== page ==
“If anyone wishes to come after Me, he must deny[i] himself, and take up his cross and follow Me. For whoever wishes to save his life will lose it; but whoever loses his life for My sake will find it. For what will it profit a man if he gains the whole world and forfeits his soul?” (Matthew 16:24-26)
There is no statement anywhere in the whole of the Bible any more fundamental or important than these words Jesus spoke immediately after He spoke of His own future suffering. All of the Law and Prophets speak of Jesus. (John 5:31) Jesus was approaching the nadir of the purpose for which He, God stripped of His glory, became man. As the disciples rebuked Jesus about talking about future suffering, Jesus spoke these words.
As Jesus looked forward to His own suffering, He looked back to His disciples and said, “If you would follow Me, you must be all in.” Continue reading →
Do not store up[i] for yourselves treasures[ii] on earth, where moth and rust destroy, and where thieves break in and steal. But store up for yourselves treasures in heaven, where neither moth nor rust destroys, and where thieves do not break in or steal; for where your treasure is, there your heart will be also. (Matt. 6:19-21)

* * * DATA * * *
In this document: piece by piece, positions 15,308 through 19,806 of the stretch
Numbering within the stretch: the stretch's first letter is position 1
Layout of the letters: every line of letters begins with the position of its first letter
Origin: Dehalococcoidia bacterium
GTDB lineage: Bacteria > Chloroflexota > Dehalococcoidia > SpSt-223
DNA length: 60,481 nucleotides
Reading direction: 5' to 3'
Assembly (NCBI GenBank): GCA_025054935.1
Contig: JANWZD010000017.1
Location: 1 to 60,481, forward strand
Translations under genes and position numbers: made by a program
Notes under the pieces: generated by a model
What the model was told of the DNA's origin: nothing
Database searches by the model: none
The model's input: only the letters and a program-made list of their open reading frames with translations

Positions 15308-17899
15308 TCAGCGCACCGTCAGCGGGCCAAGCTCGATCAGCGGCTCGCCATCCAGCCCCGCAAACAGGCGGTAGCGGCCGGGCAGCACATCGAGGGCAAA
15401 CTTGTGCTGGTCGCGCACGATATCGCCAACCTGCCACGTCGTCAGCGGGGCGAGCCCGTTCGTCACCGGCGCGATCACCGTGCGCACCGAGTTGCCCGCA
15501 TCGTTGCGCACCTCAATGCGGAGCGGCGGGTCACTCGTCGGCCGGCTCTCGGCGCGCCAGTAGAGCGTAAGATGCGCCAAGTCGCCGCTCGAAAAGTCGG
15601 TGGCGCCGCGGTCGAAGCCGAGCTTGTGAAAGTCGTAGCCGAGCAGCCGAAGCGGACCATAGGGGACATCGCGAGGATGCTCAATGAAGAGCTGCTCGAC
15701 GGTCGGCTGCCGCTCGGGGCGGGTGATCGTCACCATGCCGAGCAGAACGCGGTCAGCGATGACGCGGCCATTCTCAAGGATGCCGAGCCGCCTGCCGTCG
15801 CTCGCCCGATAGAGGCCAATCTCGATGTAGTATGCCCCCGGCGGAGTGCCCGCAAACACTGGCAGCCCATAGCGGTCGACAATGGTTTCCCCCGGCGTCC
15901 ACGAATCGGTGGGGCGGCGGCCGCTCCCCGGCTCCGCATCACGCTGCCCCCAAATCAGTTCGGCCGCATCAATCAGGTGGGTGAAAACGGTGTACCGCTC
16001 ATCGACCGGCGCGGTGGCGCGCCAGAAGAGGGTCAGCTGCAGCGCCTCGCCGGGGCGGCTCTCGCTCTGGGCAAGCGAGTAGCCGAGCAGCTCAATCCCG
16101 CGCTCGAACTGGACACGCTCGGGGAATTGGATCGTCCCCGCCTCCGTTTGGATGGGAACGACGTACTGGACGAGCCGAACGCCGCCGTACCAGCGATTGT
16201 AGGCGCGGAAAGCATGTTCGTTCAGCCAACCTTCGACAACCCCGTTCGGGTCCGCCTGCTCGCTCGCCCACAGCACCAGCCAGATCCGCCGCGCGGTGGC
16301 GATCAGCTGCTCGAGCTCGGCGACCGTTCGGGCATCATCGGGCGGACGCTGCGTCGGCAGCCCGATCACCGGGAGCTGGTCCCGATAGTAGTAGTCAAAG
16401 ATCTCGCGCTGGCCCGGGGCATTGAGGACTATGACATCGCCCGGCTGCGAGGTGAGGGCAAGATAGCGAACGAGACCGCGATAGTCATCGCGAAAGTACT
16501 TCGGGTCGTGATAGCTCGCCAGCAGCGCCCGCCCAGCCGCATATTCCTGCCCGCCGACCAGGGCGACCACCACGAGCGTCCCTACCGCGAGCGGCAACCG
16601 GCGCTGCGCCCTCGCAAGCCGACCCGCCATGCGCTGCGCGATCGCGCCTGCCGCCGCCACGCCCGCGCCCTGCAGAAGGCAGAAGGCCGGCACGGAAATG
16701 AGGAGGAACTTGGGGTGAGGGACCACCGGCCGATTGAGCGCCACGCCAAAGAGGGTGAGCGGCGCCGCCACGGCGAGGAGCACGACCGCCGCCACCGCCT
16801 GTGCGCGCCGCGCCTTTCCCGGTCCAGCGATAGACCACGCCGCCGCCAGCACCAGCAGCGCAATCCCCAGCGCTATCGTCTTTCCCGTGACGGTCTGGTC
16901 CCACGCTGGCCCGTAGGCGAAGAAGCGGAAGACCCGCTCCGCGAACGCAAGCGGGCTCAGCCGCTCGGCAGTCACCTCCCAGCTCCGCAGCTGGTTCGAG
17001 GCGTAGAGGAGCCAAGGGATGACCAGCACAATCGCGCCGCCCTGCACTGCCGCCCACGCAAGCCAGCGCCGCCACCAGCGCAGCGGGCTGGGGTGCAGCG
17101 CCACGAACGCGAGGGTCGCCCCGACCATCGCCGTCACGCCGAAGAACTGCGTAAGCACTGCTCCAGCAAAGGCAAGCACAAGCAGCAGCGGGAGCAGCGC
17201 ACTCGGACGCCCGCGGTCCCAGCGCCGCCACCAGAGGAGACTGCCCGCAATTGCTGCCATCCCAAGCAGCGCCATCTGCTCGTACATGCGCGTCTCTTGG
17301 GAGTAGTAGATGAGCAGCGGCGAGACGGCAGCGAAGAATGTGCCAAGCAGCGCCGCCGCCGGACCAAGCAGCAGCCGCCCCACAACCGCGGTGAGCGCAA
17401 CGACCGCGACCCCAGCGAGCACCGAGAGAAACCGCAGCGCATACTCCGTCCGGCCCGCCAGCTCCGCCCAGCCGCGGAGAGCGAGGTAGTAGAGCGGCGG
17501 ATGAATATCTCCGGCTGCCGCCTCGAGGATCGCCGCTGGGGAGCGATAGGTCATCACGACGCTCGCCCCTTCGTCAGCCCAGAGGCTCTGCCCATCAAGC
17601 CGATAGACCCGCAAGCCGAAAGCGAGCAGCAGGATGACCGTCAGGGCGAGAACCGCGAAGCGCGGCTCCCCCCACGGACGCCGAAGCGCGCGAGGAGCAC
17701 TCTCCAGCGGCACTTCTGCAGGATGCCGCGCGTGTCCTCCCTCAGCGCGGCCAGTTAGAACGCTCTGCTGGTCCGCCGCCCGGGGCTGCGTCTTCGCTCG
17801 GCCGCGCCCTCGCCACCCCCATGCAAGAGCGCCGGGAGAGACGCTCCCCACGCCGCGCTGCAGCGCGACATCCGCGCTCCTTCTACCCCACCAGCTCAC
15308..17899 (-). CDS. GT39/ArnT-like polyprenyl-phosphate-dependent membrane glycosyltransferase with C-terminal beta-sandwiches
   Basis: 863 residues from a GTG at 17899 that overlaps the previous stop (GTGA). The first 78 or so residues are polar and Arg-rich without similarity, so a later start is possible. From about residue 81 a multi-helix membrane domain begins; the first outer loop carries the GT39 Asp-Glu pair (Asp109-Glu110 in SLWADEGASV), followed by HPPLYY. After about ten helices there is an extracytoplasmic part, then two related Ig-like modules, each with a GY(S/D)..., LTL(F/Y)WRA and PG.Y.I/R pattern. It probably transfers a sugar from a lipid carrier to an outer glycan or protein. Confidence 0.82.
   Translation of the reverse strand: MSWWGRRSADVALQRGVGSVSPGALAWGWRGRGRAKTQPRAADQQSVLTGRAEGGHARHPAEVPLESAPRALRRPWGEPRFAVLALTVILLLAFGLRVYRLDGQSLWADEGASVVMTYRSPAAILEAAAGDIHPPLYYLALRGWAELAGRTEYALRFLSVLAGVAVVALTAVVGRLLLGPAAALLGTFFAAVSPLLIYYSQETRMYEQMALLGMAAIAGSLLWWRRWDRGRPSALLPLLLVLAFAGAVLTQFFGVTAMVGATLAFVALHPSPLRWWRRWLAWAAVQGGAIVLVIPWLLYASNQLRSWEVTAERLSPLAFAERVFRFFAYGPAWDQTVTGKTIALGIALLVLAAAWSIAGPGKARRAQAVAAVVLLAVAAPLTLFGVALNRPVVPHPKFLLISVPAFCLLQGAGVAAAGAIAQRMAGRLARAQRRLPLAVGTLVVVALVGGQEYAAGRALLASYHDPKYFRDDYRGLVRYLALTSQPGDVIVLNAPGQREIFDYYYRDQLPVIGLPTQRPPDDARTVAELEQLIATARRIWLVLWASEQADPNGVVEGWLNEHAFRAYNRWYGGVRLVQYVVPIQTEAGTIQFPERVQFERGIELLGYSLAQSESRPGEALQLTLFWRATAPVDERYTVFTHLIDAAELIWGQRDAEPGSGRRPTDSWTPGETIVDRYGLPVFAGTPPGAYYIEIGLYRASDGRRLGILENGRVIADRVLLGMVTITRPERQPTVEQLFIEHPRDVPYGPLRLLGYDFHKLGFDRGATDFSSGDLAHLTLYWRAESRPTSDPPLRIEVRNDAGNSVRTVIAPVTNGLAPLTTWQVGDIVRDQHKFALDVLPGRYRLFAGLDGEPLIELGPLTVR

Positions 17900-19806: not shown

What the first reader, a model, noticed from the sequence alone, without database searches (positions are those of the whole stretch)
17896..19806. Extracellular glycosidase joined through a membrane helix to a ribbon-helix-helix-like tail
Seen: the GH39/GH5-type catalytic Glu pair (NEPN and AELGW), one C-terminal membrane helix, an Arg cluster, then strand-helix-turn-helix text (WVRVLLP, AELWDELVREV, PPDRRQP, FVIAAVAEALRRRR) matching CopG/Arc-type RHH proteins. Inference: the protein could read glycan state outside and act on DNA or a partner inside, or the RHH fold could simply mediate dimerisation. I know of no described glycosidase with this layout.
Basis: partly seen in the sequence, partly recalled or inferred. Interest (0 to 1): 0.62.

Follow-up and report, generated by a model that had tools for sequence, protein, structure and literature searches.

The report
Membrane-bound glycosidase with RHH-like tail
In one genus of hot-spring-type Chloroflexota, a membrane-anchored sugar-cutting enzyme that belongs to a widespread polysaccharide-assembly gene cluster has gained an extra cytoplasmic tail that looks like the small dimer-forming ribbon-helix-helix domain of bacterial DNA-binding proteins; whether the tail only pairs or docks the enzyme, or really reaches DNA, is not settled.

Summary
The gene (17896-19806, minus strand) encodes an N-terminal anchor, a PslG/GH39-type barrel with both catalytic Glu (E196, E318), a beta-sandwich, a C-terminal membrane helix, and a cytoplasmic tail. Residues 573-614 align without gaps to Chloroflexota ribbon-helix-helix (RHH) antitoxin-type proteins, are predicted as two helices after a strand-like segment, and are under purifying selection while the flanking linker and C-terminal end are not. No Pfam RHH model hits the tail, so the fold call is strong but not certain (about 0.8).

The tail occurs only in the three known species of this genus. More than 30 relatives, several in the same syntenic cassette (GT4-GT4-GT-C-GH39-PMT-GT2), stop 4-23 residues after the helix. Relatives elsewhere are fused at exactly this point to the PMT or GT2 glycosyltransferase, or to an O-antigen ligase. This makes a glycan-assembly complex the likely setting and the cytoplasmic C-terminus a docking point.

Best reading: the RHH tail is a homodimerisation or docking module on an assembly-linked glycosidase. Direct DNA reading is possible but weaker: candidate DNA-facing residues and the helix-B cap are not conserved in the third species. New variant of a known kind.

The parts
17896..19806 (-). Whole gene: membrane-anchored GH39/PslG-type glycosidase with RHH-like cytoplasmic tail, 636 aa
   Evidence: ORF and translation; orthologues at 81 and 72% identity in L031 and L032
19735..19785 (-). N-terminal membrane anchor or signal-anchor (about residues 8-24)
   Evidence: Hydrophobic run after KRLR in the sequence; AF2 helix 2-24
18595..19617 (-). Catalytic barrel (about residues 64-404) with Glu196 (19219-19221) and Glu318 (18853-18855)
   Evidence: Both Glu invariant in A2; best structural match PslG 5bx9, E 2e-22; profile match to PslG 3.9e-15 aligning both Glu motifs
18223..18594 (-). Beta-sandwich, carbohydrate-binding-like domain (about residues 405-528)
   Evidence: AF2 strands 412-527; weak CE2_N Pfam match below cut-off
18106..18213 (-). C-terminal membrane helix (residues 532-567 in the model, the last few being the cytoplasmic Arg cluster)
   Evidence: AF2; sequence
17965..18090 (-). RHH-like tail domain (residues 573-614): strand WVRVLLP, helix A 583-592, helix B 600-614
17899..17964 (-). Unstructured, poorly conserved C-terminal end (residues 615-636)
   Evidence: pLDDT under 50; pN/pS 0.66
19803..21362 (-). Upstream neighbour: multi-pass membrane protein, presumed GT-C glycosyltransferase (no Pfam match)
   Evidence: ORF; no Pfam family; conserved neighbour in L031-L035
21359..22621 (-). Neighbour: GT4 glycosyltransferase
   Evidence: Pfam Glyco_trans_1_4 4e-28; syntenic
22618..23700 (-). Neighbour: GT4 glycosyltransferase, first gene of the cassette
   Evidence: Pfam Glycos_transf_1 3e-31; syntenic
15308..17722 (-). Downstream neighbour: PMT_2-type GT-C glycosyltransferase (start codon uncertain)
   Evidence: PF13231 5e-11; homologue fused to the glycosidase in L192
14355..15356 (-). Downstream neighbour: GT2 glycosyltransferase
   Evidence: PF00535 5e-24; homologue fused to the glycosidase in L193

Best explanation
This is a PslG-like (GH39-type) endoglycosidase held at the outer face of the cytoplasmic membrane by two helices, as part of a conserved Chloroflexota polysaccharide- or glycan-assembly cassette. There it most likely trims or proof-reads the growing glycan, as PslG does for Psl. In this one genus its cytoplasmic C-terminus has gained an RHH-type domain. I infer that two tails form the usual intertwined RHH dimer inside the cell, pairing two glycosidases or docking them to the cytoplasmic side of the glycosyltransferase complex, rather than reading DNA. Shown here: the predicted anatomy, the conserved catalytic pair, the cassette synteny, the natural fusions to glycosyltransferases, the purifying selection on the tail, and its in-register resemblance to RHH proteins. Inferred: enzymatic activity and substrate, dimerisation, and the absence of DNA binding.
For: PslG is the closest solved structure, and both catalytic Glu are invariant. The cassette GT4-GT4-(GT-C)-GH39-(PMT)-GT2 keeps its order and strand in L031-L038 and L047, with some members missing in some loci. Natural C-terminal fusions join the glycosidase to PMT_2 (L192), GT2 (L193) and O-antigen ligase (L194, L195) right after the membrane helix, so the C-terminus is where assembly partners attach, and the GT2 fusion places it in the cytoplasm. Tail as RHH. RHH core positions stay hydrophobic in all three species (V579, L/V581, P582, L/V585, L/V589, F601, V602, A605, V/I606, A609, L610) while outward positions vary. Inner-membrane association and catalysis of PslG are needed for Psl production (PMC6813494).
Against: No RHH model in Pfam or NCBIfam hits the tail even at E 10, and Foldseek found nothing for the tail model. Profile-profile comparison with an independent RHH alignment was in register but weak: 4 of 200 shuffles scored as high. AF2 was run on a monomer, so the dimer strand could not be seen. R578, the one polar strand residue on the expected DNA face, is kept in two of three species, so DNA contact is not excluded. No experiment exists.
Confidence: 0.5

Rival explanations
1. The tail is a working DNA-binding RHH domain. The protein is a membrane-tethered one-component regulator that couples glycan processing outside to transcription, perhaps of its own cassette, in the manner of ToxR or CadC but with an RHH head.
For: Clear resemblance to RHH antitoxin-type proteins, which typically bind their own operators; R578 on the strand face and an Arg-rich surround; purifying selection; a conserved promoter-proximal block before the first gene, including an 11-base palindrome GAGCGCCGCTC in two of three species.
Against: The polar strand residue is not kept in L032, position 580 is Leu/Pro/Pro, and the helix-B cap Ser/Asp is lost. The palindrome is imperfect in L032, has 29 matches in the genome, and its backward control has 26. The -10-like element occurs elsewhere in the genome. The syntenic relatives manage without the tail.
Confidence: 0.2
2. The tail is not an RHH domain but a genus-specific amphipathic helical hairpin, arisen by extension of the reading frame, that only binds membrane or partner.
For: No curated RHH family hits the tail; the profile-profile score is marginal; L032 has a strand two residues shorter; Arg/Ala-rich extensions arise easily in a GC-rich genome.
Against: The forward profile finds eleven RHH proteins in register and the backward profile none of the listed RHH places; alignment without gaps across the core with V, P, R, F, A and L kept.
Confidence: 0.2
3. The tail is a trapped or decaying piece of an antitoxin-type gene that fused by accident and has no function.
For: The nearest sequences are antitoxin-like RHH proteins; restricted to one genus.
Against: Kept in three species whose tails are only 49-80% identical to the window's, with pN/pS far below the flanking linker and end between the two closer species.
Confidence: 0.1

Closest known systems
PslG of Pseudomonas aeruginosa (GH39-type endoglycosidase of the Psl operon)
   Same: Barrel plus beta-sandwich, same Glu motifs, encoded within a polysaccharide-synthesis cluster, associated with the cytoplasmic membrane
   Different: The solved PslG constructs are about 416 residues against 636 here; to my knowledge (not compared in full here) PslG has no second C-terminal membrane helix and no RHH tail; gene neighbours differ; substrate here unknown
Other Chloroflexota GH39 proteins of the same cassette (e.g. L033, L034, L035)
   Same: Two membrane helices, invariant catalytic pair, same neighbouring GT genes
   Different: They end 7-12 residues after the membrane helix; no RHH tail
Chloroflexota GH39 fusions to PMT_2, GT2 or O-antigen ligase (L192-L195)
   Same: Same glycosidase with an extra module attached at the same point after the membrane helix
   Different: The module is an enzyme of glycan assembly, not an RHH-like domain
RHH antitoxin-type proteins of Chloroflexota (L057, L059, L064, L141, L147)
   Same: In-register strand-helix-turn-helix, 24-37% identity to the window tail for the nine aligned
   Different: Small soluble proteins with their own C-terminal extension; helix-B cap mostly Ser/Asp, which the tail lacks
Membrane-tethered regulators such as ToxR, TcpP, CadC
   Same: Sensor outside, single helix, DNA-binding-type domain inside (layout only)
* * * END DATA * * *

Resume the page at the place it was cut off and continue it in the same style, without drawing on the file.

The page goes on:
I have been saying this a lot lately, and I have been trying to be more heavenly minded.
When you think about it, our lives are not only fragile but momentary. My life could end at virtually any time, and if I live to be 100, it will be over when it is over. Continue reading →
“Deliver[i] us from evil[ii]” (Matt. 6:13) Is how the prayer Jesus taught us to pray aptly ends. Aptly because God’s end goal is deliverance of His children from evil, and not just deliverance from evil, but deliverance to God and His purpose.
Literally, this phrase in the original text means “draw us to Yourself (our Deliverer) and, thereby, deliver us from the pain and misery of evil”. God does not simply seek to deliver us from our troubles caused by the sin that entangles us: He delivers us to Himself for His divine purpose. Continue reading →
“And do not lead[i][ii] us into temptation[iii]….” (Matt. 6:13) is one of the things Jesus taught to us to pray to the Father. Does that mean that God might lead us into temptation (if we did not pray for Him not to)? Clearly not!
“… as we[i] also have forgiven[ii] our debtors[iii].” (Mt. 6:12) The forgiveness I may ask for, receive and experience from God is directly related to my forgiveness of those who “owe me” (or who I think owe me). The emphasis in this verse is on us (me)!
Whatever your theology is in regard to the sovereignty of God and grace, it is hard to ignore Scripture when it emphasizes something we must do. We dare not ignore it! This is one place where the emphasis is on us, and, therefore, we really need to pay close attention. Continue reading →